> Rachmaninov Piano Concerti Moiseiwitsch 8110676 []: Classical Reviews- April2002 MusicWeb(UK)






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  Founder: Len Mullenger
Classical Editor: Rob Barnett

Sergei RACHMANINOV (1873-1943)
Piano Concerto No. 1 [23.35]
Piano Concerto No. 2 [32.51]
Rhapsody on a Theme of Paganini [21.47]

Benno Moiseiwitsch (piano)
Philharmonia/Sargent (No. 1); Liverpool PO (2; Rhapsody); Walter Goehr (2); Basil Cameron (Rhapsody)
rec Studio 1 Abbey Road, 23 Dec 1948 (No. 1); 24 Nov 1937, 13 Dec 1937 (No. 2); 5 Dec 1938 (Rhapsody) Mono ADD
NAXOS HISTORICAL 8.110676 [78.12]
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This is the fourth salvo in the Moiseiwitsch series.

Sargent and the Philharmonia show cracking form in the First Concerto - a pathfinder for Kondrashin's brimming and nervy athletic spirit in the Symphonic Dances. Their attack is matched by Moiseiwitsch's gripping and dynamic approach which clears five-bar gates at a single galloping leap. As the second movement shows he can also handle the poetry. Listen, in the allegro vivace, to Sargent and Moisewitsch laying into the crystal glass. This is a smashing performance - as special as the Sammons' Elgar Concerto (also on a recent Naxos). The recording is captured in the twilight of the 78 era.

Volume 3 in the Naxos Moiseiwitsch Edition gave rather ho-hum performances of the first two Tchaikovsky Piano Concertos. These were not at all impressive - far too sober when they, or at least the First, need to be as wild as a mustang and as soulful as Chaliapin. In the Rachmaninov Second there is sweetness but everything is very low key and deliberate. Where is the glint in the eye? Perhaps the chemistry between soloist and conductor omitted volatility. If you are looking for a plain Jane interpretation without what you may regard as hysteria then this is the version for you. The recorded sound is very well rendered: listen to the grunt of the piano's basso tones captured with such fidelity at the start of the concerto.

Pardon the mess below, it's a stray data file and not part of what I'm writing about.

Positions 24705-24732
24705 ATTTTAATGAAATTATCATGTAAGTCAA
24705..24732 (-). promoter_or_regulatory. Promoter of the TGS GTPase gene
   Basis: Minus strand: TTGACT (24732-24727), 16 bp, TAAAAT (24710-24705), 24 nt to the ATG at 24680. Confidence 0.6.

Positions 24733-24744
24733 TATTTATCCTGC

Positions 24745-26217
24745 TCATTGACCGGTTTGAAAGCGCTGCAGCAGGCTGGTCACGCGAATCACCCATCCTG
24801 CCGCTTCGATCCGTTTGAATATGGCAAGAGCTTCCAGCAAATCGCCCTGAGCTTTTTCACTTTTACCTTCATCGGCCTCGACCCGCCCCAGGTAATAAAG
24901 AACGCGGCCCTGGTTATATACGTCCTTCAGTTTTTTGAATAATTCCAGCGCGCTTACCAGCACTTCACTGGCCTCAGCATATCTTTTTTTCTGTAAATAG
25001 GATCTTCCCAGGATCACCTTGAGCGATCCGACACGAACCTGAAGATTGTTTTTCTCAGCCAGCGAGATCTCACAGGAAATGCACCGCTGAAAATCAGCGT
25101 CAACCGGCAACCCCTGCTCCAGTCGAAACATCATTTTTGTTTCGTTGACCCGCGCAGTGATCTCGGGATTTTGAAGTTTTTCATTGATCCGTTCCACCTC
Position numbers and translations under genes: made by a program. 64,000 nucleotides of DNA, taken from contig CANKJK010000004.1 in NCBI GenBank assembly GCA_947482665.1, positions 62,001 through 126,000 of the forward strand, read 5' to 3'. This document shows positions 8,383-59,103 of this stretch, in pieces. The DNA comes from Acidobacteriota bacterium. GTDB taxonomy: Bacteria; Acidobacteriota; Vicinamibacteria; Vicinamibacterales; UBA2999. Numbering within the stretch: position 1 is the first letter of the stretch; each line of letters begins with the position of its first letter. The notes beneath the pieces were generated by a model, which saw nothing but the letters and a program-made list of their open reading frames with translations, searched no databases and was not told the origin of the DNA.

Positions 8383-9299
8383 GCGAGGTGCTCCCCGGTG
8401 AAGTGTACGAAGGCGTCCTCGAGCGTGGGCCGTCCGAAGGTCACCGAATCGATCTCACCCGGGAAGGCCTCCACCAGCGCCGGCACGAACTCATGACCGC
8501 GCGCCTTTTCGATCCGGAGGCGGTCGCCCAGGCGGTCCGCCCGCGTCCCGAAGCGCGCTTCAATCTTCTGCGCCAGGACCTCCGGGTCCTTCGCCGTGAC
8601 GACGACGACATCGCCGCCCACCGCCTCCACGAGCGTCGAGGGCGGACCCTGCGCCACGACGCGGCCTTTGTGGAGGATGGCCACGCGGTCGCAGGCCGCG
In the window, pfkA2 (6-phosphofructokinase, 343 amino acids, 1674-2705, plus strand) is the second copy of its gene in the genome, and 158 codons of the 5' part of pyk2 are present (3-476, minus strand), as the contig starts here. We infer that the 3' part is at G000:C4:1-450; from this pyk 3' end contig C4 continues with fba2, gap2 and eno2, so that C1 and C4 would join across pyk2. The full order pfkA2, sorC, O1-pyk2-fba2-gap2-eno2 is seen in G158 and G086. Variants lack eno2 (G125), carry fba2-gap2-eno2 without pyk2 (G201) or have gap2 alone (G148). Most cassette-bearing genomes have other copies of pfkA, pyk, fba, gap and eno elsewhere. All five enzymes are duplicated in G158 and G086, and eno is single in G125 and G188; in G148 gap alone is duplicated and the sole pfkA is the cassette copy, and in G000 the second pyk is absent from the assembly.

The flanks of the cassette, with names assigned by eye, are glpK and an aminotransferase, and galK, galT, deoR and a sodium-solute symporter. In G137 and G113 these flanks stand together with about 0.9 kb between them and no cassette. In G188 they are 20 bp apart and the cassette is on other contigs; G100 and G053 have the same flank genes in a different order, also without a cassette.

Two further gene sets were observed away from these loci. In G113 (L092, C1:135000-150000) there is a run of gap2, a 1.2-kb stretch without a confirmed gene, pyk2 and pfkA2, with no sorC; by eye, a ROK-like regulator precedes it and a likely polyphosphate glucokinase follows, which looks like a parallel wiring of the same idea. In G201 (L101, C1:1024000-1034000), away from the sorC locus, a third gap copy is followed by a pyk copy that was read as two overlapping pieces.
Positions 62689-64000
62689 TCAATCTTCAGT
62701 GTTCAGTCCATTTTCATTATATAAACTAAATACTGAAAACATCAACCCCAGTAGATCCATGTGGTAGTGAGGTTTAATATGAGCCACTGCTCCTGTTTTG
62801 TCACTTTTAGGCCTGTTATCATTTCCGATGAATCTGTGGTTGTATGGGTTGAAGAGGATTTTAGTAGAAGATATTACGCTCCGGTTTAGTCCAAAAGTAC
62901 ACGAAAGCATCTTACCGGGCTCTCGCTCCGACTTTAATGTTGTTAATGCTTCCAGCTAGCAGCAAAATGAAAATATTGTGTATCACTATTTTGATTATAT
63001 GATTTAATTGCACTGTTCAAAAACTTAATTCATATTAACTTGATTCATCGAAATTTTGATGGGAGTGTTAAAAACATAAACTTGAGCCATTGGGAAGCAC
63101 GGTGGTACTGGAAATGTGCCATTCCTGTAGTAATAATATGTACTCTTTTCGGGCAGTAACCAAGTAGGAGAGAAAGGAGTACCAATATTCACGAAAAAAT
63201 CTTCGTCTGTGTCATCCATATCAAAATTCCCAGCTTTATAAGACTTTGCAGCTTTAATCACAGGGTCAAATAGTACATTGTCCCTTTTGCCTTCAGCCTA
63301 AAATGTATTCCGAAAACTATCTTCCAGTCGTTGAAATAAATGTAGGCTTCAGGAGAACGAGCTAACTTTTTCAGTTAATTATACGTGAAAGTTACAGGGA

Things go much better in the Rhapsody with Basil Cameron (original Basil von Hindenburg - a name he understandably dropped during his sojourn with the Torquay Municipal Orchestra at the time of the Great War) freshly returned from his spell as conductor of the San Francisco Symphony. Some of the magnetic force we perceive in the First Concerto with Sargent is there with Cameron. Everyone is on their toes and Moisewitsch's way with the Andante cantabile is gorgeous even if we miss the voluptuous 'pile' of the Philadelphian strings (to be heard in their recording with the composer and Stokowski four years before the Cameron session - Naxos 8.110602).

The documentation (English only) and discographic detail is princely and the separate tracking of each of the variations is another indicative mark of the high production values of the project. Nice transfers by Ward Marston and due tribute paid to Raymond Edwards and Donald Manildi who, presumably, provided the 78s from which these digital transfers were made.

A disc made utterly recommendable by the Moiseiwitsch/Sargent recording of the First Concerto. Any chance of hearing Moiseiwitsch (with the right conductor!) in the last two Rachmaninov piano concertos? On song he should be a world-beater up there with Michelangeli in the Fourth Concerto.

Rob Barnett


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